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Mitchell County, Randolph-Clay coaches believe small things will determine championship

Coaches expect free throws, turnovers and rebounds to be big in championship game

At left, Mitchell County’s Antonia Jones shoots Saturday in the Class A public school semifinals at Savannah State University, where the Lady Eagles beat Greenville to clinch a spot in Thursday’s state championship game. At right, Randolph-Clay’s Brandi Buie and Claxton’s Taylor Fiveash battle for a rebound Saturday in the Class A public school state semifinals at Savannah State University. The Lady Red Devils will try to go 4-for-4 against Mitchell County when the two rivals meet up Thursday in the state championship game. (Staff Photos: Tim Morse)

At left, Mitchell County’s Antonia Jones shoots Saturday in the Class A public school semifinals at Savannah State University, where the Lady Eagles beat Greenville to clinch a spot in Thursday’s state championship game. At right, Randolph-Clay’s Brandi Buie and Claxton’s Taylor Fiveash battle for a rebound Saturday in the Class A public school state semifinals at Savannah State University. The Lady Red Devils will try to go 4-for-4 against Mitchell County when the two rivals meet up Thursday in the state championship game. (Staff Photos: Tim Morse)

During the very few quiet moments Mitchell County girls basketball coach Rosemary Sanders has had this week, the thoughts of her team’s three previous meetings with Randolph-Clay have replayed constantly in her mind.

When the two teams meet again on Thursday for the fourth time this season in the Georgia High School Association Class A public school state championship game at the Macon Centreplex, Sanders said she wonders what her team can do differently.

“We’ve got to figure out why we came up short to them by three points in two games and by five in the other,” Sanders said. “We’ve got to do a better job of handling the ball, eliminating turnovers and shooting better free throws.”

Both coaches agree on one thing when the two meet at 3 p.m. — small fundamentals will play a significant role in the outcome.

“I expect the game to be won with the little things only because we played each other so many times over the last couple of years that we are very familiar with each other,” Randolph-Clay coach Jennifer Acree said, who has her team to the finals for the second straight season.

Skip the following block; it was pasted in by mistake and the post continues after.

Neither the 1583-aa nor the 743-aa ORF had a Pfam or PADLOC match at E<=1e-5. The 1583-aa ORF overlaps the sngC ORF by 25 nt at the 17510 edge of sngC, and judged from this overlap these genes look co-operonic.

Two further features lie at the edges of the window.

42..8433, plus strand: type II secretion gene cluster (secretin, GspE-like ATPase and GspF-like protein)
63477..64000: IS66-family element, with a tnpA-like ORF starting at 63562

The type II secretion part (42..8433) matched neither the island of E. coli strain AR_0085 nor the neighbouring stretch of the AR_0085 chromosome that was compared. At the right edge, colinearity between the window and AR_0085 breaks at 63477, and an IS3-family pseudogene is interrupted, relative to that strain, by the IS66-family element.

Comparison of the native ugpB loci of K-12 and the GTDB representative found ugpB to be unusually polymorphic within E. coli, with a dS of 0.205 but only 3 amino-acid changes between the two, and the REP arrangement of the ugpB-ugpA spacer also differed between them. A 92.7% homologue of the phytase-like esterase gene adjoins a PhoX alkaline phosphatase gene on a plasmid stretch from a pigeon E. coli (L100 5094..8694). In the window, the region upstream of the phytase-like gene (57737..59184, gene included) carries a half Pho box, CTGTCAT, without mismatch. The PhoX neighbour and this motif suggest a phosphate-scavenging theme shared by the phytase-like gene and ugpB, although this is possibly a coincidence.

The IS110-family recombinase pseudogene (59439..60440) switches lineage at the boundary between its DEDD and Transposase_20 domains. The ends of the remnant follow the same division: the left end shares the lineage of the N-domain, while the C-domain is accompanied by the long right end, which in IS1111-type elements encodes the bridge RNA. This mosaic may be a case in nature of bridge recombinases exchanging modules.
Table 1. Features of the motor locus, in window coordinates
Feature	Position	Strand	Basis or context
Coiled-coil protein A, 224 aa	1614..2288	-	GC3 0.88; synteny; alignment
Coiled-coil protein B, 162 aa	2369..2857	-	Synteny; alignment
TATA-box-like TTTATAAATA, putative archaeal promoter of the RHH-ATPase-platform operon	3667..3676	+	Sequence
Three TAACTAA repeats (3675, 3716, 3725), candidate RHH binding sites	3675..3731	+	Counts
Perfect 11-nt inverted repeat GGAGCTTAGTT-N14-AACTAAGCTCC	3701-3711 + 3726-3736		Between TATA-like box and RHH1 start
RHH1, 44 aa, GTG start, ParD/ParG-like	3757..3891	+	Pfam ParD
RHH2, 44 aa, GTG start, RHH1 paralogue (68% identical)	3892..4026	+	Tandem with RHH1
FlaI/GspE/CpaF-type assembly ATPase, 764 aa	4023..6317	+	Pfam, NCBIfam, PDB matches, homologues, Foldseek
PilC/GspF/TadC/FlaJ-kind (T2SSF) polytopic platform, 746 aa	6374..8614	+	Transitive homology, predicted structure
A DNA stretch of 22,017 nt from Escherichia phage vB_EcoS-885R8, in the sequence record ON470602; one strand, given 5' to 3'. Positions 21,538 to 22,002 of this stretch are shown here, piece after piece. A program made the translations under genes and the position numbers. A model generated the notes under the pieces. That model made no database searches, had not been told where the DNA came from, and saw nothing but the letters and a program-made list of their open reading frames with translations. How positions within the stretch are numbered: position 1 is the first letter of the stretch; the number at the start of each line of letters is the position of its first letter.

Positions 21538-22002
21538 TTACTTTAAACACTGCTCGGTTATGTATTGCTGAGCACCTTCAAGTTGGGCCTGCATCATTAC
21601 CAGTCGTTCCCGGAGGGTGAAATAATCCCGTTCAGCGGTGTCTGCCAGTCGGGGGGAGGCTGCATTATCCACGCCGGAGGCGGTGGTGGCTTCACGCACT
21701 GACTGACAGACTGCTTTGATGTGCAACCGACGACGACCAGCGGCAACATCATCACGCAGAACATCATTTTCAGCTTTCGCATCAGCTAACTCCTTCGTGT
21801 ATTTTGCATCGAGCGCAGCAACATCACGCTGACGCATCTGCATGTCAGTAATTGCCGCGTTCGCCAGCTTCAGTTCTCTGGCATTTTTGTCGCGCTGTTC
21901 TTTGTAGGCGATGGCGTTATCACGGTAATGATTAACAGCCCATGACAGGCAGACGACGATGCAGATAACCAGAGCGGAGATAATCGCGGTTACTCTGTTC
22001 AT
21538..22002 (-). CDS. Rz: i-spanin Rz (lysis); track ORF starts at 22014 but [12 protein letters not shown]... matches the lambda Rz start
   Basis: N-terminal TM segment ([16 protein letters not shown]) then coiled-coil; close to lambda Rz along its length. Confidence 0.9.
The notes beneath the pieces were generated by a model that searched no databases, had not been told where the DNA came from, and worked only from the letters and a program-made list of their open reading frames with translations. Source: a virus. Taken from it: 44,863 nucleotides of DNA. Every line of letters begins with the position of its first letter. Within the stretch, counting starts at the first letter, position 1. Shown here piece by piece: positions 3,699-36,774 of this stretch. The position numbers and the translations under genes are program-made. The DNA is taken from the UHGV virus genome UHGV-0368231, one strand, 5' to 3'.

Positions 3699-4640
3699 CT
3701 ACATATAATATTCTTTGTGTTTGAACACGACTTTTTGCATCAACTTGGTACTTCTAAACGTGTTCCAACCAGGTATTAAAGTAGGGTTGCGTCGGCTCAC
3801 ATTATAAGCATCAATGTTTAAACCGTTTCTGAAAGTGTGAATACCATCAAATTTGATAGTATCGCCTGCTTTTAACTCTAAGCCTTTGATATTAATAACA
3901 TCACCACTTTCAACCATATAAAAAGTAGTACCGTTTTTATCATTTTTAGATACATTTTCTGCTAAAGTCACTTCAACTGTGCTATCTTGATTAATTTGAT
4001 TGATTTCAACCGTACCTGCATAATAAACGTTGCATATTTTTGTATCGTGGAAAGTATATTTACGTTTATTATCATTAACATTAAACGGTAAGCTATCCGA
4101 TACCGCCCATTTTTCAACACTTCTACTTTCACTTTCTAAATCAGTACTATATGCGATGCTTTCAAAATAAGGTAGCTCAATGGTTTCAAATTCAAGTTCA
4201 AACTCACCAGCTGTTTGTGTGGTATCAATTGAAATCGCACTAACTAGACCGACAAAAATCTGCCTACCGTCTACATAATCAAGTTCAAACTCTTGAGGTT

“Free throws, turnovers, rebounding … small things that people don’t always consider. People always want to look at rebounding and points. Since there is so much familiarity between us, I believe small things will play a big role in the outcome.”

One aspect that is somewhat of a sore subject with Sanders is free throw shooting. In her team’s last meeting with Randolph-Clay on Feb. 15 in the Region 1-A championship game, her team converted just one of six from the free throw line in the final minute of regulation.

Those miscues kept them from sealing the victory. Randolph-Clay forced overtime, then won 77-74 to claim the tournament title and, ultimately, the top seed in the Class A public school tournament bracket.

“When we played Turner County in the second round, I remember one of our supporters, Mr. John Harris, saying from the stands that free throws win games,” Sanders said. “Turner fought us and, in the last two minutes of that game, started fouling us because they knew we had problems shooting free throws. We stepped to the line, hit our shots and those free throws helped us win that game.”

Randolph-Clay is not exempt from poor free throw shooting. In that same game with Mitchell a little more than two weeks ago, in the final seconds the Lady Red Devils could have also won in regulation. However, they missed their last of two free throws to send the game into overtime.

Acree said she hasn’t changed her practice routine for the final game. However, extra free throw shooting has become of a part of the drill this week.

“The girls get in whenever they can during the day to shoot free throws,” Acree said. “We can practice all we want, but one thing that people have to understand is that we can’t simulate the atmosphere of the Macon Centreplex.”